All generation units will be subject to these price floors unless a unit meets one of five exemptions. The exemptions indicate that existing rate-base and existing renewable generation will not be subject to the floor, nor will demand response, energy efficiency, or storage devices. Also, as currently, generation not receiving state support (competitive generation) will not be subject to the floor.
The likely effect of the new FERC PJM order will be higher capacity prices in the PJM, because some generation units will have higher offers than they would otherwise. Thus, states may seek ways to reduce the burden of the order. States may respond through litigation. States also may consider requiring retailers to utilize the Fixed Resource Requirement (FRR) alternative to the capacity auctions. Under the FRR alternative, energy retailers obtain capacity resources outside of the auction and thus do not pay the auction prices for capacity. Additionally, subsidized units become valid resources without a price floor, and the demand served by them reduces the demand in the auction. This depresses auction prices just as if the subsidized resources had cleared the auction. States requiring the FRR alternative also could operate their own auctions to match supply and demand (and also realize other goals such as renewable energy, carbon reduction, and employment).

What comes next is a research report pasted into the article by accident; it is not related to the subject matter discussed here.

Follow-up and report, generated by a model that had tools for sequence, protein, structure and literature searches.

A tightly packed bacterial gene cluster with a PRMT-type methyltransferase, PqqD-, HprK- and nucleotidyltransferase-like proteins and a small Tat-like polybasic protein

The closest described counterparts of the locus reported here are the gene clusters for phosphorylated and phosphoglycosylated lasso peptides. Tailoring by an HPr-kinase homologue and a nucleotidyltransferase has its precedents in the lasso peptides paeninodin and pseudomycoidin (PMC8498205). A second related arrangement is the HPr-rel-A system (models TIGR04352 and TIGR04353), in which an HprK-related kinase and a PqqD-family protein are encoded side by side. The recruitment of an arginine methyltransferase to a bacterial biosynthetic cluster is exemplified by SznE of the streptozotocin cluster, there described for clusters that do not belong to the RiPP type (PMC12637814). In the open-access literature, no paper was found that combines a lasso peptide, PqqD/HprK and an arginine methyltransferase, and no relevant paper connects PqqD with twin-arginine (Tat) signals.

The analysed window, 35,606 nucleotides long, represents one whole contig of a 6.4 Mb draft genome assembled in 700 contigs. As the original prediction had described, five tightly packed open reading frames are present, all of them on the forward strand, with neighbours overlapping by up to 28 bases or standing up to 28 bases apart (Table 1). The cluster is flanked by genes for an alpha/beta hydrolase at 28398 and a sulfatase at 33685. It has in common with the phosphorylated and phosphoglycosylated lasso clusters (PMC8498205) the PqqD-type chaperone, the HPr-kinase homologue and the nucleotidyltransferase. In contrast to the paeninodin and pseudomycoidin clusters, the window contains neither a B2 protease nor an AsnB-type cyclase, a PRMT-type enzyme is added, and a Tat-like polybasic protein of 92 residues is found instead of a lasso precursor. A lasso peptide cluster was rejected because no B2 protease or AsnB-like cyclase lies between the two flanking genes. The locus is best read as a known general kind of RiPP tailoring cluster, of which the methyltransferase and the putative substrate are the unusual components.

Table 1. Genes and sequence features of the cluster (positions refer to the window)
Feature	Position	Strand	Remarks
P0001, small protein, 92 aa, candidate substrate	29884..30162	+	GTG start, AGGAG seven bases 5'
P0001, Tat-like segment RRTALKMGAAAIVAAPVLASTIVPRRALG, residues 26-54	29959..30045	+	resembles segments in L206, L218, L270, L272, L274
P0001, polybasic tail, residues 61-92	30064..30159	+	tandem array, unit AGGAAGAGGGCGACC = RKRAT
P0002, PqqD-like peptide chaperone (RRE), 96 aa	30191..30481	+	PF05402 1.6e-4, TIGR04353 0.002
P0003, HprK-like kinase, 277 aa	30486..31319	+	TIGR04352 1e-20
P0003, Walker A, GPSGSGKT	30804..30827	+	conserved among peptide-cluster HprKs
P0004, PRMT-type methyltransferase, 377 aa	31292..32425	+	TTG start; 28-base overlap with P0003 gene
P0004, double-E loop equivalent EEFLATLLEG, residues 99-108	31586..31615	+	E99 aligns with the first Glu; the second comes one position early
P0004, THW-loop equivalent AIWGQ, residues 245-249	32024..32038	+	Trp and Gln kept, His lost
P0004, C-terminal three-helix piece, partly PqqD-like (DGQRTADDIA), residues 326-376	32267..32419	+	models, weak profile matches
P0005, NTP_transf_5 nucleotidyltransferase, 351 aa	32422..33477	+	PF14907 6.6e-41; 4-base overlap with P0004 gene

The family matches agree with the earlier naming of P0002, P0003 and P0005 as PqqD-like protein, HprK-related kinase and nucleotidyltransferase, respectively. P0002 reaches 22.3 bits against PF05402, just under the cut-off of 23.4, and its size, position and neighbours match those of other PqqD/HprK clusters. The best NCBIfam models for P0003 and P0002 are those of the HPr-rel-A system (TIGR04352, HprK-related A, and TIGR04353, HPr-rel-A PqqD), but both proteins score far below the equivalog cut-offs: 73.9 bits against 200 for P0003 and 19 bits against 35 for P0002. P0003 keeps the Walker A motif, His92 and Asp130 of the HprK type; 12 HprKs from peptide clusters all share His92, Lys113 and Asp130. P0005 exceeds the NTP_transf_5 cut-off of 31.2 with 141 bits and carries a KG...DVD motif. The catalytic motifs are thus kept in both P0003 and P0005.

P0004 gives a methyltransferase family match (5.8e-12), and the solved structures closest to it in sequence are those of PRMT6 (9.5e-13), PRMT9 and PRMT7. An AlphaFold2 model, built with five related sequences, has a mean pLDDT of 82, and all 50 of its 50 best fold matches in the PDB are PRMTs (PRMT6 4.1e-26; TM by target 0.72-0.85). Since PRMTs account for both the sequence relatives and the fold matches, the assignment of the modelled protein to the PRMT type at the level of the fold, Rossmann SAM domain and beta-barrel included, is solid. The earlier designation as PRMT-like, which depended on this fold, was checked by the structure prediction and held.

Although the new MOPR addresses state programs that depressed prices in capacity auctions and negatively impacted non-subsidized generation, the new MOPR also creates uncertainty. States may challenge the new rule or require their electric retailers to forego the PJM auction process and obtain capacity directly. Thus, the only certainty going forward is that the capacity auction process in PJM will be changing.